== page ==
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J Immunol. 2005 Feb 15;174(4):1888-97.

Prevention of experimental autoimmune encephalomyelitis by transfer of embryonic stem cell-derived dendritic cells expressing myelin oligodendrocyte glycoprotein peptide along with TRAIL or programmed death-1 ligand.

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1
Department of Immunogenetics, Graduate School of Medical Sciences, Kumamoto University, Kumamoto, Japan.

Abstract

Experimental autoimmune encephalomyelitis (EAE) is caused by activation of myelin Ag-reactive CD4+ T cells. In the current study, we tested a strategy to prevent EAE by pretreatment of mice with genetically modified dendritic cells (DC) presenting myelin oligodendrocyte glycoprotein (MOG) peptide in the context of MHC class II molecules and simultaneously expressing TRAIL or Programmed Death-1 ligand (PD-L1). For genetic modification of DC, we used a recently established method to generate DC from mouse embryonic stem cells (ES cells) in vitro (ES-DC). ES cells were sequentially transfected with an expression vector for TRAIL or PD-L1 and an MHC class II-associated invariant chain-based MOG epitope-presenting vector. Subsequently, double-transfectant ES cell clones were induced to differentiate to ES-DC, which expressed the products of introduced genes. Treatment of mice with either of the double-transfectant ES-DC significantly reduced T cell response to MOG, cell infiltration into spinal cord, and the severity of MOG peptide-induced EAE. In contrast, treatment with ES-DC expressing MOG alone, irrelevant Ag (OVA) plus TRAIL, or OVA plus PD-L1, or coinjection with ES-DC expressing MOG plus ES-DC-expressing TRAIL or PD-L1 had no effect in reducing the disease severity. In contrast, immune response to irrelevant exogenous Ag (keyhole limpet hemocyanin) was not impaired by treatment with any of the genetically modified ES-DC. The double-transfectant ES-DC presenting Ag and simultaneously expressing immune-suppressive molecules may well prove to be an effective therapy for autoimmune diseases without inhibition of the immune response to irrelevant Ag.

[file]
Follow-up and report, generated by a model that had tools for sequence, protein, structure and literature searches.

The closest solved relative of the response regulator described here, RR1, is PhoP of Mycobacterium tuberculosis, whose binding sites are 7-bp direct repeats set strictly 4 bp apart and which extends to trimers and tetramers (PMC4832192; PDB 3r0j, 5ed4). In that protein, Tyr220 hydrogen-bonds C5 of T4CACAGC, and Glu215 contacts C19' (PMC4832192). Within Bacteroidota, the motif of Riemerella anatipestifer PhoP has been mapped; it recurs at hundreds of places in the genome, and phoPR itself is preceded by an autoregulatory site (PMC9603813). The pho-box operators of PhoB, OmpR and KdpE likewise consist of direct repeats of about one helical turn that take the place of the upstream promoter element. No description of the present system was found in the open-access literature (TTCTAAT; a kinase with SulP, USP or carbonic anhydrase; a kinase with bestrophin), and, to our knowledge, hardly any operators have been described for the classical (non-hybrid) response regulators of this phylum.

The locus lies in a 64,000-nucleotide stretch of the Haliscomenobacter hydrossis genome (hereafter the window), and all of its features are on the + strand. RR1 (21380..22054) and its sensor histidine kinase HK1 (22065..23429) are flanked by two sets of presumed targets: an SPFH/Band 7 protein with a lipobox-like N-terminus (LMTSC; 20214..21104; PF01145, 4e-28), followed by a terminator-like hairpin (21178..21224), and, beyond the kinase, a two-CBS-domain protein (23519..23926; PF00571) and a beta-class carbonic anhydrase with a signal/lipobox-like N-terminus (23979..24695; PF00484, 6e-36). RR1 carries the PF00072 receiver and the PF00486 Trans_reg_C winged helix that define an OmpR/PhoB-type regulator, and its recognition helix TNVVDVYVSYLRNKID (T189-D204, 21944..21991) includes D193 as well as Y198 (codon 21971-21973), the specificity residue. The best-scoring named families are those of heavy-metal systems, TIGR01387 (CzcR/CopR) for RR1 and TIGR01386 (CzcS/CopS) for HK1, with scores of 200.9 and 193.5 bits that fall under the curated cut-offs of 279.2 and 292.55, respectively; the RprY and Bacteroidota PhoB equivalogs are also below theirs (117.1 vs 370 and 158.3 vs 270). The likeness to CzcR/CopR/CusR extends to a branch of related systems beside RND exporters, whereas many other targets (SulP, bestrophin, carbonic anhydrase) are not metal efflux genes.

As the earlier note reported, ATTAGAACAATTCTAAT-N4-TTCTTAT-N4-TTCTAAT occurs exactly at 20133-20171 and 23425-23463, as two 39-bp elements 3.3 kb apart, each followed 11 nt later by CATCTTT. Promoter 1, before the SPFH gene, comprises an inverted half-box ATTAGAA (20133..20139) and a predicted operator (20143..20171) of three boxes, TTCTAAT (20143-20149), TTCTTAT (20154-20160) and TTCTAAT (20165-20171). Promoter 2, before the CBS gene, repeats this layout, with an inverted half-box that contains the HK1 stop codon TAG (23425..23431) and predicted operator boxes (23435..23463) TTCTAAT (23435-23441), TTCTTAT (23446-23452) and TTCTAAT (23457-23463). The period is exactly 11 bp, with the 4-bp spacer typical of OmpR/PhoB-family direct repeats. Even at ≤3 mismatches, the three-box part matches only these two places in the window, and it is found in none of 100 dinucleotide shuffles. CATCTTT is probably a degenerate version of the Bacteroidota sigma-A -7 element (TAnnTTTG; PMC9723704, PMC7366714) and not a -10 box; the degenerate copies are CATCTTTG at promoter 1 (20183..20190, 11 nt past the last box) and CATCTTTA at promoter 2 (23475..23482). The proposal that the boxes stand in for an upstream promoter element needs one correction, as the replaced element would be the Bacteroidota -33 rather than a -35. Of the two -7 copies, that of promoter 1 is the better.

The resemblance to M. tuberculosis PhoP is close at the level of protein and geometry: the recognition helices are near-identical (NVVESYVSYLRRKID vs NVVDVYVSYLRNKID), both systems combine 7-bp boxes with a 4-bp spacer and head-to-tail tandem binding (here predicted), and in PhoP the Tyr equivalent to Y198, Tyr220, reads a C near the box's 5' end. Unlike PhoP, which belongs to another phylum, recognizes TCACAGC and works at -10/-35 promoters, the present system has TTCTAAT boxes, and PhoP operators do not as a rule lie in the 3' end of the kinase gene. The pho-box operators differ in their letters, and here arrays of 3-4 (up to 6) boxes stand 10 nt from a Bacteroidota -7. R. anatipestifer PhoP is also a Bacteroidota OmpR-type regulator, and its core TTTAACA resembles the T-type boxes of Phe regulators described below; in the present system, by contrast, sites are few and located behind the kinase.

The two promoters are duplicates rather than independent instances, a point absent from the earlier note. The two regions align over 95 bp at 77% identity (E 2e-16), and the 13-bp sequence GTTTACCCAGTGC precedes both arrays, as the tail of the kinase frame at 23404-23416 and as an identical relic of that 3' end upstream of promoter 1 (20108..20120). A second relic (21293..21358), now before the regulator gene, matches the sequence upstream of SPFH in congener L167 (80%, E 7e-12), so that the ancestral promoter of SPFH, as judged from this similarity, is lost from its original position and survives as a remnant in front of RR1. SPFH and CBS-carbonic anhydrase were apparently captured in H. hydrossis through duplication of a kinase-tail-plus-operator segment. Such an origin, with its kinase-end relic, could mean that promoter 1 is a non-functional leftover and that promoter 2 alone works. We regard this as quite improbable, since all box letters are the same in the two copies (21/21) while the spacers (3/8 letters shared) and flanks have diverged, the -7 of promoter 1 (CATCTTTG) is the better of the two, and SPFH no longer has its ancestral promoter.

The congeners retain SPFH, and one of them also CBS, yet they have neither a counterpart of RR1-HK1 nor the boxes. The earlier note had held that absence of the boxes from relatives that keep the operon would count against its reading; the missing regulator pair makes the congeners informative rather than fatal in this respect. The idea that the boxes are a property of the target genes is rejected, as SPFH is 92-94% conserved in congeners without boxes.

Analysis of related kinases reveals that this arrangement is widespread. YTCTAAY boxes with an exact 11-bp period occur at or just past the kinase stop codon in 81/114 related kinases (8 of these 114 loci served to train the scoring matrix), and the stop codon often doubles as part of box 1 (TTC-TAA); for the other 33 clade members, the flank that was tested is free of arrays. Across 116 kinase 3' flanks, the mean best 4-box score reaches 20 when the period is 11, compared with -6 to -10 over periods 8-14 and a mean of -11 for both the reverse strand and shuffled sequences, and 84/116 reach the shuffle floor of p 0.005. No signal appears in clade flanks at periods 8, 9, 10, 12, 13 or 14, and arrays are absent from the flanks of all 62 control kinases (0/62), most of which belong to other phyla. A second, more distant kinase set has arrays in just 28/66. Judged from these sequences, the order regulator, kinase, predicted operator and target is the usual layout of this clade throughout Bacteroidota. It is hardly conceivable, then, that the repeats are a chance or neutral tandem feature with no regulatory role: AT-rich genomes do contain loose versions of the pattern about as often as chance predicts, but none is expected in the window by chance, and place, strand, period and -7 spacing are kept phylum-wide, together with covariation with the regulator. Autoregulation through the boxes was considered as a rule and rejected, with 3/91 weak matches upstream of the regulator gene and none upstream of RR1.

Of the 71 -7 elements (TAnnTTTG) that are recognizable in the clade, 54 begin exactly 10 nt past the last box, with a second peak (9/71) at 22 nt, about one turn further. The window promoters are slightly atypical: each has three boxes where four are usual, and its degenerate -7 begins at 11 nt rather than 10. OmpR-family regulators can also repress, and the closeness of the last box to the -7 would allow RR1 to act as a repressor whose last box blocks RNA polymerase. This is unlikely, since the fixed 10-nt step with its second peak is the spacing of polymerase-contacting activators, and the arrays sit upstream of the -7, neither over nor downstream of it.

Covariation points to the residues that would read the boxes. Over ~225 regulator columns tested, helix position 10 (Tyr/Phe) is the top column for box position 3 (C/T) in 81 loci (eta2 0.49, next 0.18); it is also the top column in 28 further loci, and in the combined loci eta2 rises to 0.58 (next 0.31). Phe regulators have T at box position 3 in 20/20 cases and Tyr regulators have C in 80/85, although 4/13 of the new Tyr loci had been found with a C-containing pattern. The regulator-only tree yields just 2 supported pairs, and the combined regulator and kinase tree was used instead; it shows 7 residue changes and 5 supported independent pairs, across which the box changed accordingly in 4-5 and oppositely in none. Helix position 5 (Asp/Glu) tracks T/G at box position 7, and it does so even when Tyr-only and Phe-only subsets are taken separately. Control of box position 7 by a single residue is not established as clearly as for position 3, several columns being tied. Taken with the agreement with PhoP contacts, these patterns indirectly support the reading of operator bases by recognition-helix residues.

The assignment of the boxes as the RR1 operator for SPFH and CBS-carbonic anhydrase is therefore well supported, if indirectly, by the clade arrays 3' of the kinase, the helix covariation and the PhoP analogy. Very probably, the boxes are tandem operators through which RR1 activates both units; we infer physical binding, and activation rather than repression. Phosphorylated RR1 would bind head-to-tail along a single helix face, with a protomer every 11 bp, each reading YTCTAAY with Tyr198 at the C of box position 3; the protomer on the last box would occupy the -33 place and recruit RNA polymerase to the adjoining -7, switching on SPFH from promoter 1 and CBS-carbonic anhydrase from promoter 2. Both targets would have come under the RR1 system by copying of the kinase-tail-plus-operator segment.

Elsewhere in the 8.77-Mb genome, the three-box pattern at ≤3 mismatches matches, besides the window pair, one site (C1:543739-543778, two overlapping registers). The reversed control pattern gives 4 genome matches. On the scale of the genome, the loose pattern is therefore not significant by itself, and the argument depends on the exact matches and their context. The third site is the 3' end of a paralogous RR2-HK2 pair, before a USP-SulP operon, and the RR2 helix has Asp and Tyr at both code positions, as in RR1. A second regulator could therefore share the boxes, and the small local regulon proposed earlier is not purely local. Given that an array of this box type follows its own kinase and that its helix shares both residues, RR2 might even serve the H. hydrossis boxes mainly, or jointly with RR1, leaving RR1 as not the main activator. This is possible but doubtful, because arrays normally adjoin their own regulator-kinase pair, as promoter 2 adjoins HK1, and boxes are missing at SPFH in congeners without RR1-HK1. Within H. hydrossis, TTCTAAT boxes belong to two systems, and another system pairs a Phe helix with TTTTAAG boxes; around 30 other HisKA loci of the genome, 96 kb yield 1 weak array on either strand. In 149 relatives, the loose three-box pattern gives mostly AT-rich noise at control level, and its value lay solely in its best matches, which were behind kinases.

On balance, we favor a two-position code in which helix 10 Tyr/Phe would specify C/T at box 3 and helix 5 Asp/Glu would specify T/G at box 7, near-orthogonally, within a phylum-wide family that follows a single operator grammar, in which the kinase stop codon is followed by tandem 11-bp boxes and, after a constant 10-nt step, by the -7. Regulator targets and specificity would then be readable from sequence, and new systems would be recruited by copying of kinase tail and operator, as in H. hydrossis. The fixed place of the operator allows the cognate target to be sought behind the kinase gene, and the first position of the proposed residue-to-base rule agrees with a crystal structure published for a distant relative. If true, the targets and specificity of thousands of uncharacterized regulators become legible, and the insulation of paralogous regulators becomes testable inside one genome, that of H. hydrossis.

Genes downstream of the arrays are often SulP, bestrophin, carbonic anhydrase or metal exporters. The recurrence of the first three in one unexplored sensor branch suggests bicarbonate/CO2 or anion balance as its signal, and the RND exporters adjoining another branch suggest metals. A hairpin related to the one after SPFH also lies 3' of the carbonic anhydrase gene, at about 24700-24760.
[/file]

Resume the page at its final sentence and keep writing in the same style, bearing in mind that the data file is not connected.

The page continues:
PMID:
15699115
[Indexed for MEDLINE]
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